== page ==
Who hates group assignments? Me! (How I survived group assignments for an online journalism class) #YLPtalk
I worked in teams throughout my previous journalism courses. In the hopes of building effective journalism practices, I was assigned to a new group in the third week of every class. The teams consisted of five people whose purpose was to gain experience collaborating with fellow journalists and to create media. Our instructors formed groups which ultimately helped build our skills in communication and teamwork.
As we developed media, shared, and collaborated ideas for our assignments, we found that our team was diverse in personality and work ethic. We went through many obstacles dealing with communication, authoritarian leadership qualities, and in some cases a complete disregard for other team members.
My top priority was to ensure the accurate completion and submission of our assignments on time. There were instances of miscommunication as our team’s primary mode of communicating was through Technology, The Internet, and the student portal. Depending on the general use of the portal to communicate made collaborating stressful, so our team decided to exchange phone numbers and availability to bridge the gap and broaden our communication. .Some members’ lack of communication, improved with the exchange of phone numbers, however, there were occasions where the exchanges, dialog, and agreements, over the phone, differed than what team members would portray in the dialog within the portal.
In one group, our obstacles were a result of ineffective communication but later evolved into issues of control. Communication got better for some people as we began to express our concerns through daily dialog through the portal. Passive aggressiveness, controlling tendencies, and other personality traits slowed down our team’s production.
While slowly achieving positive results, some members tried to take charge and assume an authoritarian leadership role; this began to divide the team. Members would contribute consistently to the required assignments, and the authoritarian leader felt some team member’s standards weren’t high enough. As a result, standards were set higher than the assignment’s requirements. High standards and control aren’t always qualities that work in diverse teams. It can hinder individual creativeness, contribution, and is inconsiderate of the diversity in different learning styles.
Starting off our first team’s assignment, we were required to submit a combined paper totaling 500 words. Four of the team members thought it would be ideal for each member to contribute at least 100 words apiece, submit through the portal, and the fifth person would be dedicated to the editorial, formatting, and responsible for the submission of the assignment.
The authoritarian leader decided that the people who did not submit beyond 200 words would have their name emitted from the assignment submission. The leadership style did not work for this team. Many members expressed their concern through the portal and eventually directly to the professor. The professor interceded after trying to settle things within the group; he ultimately agreed, understood our concerns, and switched the groups.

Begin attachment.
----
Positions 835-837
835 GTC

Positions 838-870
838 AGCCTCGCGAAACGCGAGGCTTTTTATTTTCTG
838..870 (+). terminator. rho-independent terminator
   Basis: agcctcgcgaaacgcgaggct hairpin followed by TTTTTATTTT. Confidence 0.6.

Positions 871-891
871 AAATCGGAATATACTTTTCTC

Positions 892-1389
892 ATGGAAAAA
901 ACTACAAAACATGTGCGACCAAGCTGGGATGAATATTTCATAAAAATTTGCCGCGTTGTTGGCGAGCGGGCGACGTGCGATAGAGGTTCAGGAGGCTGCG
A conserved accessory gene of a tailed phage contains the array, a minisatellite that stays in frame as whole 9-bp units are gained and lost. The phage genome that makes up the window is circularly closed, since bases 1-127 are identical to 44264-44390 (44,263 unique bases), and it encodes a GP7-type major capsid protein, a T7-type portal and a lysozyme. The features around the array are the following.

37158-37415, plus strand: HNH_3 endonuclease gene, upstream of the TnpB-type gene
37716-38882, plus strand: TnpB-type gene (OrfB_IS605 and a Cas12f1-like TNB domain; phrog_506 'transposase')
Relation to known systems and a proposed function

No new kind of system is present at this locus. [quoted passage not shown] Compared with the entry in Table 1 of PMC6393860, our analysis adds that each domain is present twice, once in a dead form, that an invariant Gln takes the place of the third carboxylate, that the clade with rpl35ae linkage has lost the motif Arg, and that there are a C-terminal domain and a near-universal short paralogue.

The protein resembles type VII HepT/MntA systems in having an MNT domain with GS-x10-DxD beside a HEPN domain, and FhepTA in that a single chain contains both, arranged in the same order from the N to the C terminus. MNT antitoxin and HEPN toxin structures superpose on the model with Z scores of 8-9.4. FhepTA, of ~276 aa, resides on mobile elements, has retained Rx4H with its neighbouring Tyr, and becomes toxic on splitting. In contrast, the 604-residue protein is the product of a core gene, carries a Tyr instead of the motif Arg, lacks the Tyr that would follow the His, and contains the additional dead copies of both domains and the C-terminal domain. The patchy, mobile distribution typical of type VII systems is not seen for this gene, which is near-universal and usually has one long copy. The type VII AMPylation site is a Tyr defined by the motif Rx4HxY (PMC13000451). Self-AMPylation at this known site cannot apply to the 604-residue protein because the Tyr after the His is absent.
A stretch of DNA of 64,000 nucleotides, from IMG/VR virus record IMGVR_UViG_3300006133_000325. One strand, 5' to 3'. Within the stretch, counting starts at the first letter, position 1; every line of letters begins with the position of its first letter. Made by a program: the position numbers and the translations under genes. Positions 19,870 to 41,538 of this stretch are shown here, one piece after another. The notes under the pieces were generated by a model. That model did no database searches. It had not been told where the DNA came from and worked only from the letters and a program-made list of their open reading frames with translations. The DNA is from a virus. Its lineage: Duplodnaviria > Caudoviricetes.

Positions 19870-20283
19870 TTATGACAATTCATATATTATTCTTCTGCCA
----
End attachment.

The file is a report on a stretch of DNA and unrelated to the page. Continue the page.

From this experience, I’ve learned that a leader should put their personal preferences aside and focus on the team as a whole. If the leader is a perfectionist, it is acceptable to some extent. The leader cannot obtain an authoritarian position and force the other members to contribute beyond the requirements or change the assignment requirements to fit their higher standards.
The leader of the group was authoritarian when our group called for a democratic leader. We are all students, and I don’t think our group called for that particular leadership style. Working in teams online was definitely a learning experience. I think that the team was effective because I learned many lessons from the good and bad experiences with working in the teams. The goal was to generate media and get a first-hand look into journalism, understanding the principles, and understanding the differences between journalists and everyday bloggers. This was successful as I gained more appreciation for journalists generally. After switching to a couple of members, we were able to effectively communicate and produce quality work.
Communication was imperative for the successful completion of our work. As everything is online via computers, the Internet and other modes of Technology, it was essential to find a way past the obstacles. The use of technology primarily to communicate made it difficult because some ideas were misinterpreted. As we learned in this current course, people who communicate primarily through technology miss important cues (nonverbal cues, etc.). It is hard to determine the tone of many messages through the portal at times, but we were able to apply the lessons we’ve learned through our journey and in the end progress.
As a team, we set goals to efficiently, collaborated, and ultimately completed work on time, efficiently. Though it was a rough journey, it was successful. I think many members did a great job at expressing their concerns early on and we were swift in refocusing our attention and making improvements. Many team members prioritize their goals accordingly, remained consistent, and communicated via the portal. We met deadlines, completed our required assignments, ultimately fulfilled our roles (editor, formatting,) laid ground rules (delegation, separation of assignment stuff) and norms. The various experiences helped out team determine our organization skills, prioritize, determine our strengths weaknesses, etc. This helped to determine the degree to which we could become successful. Accountability was reflected in our effectiveness in contributions and completion of work.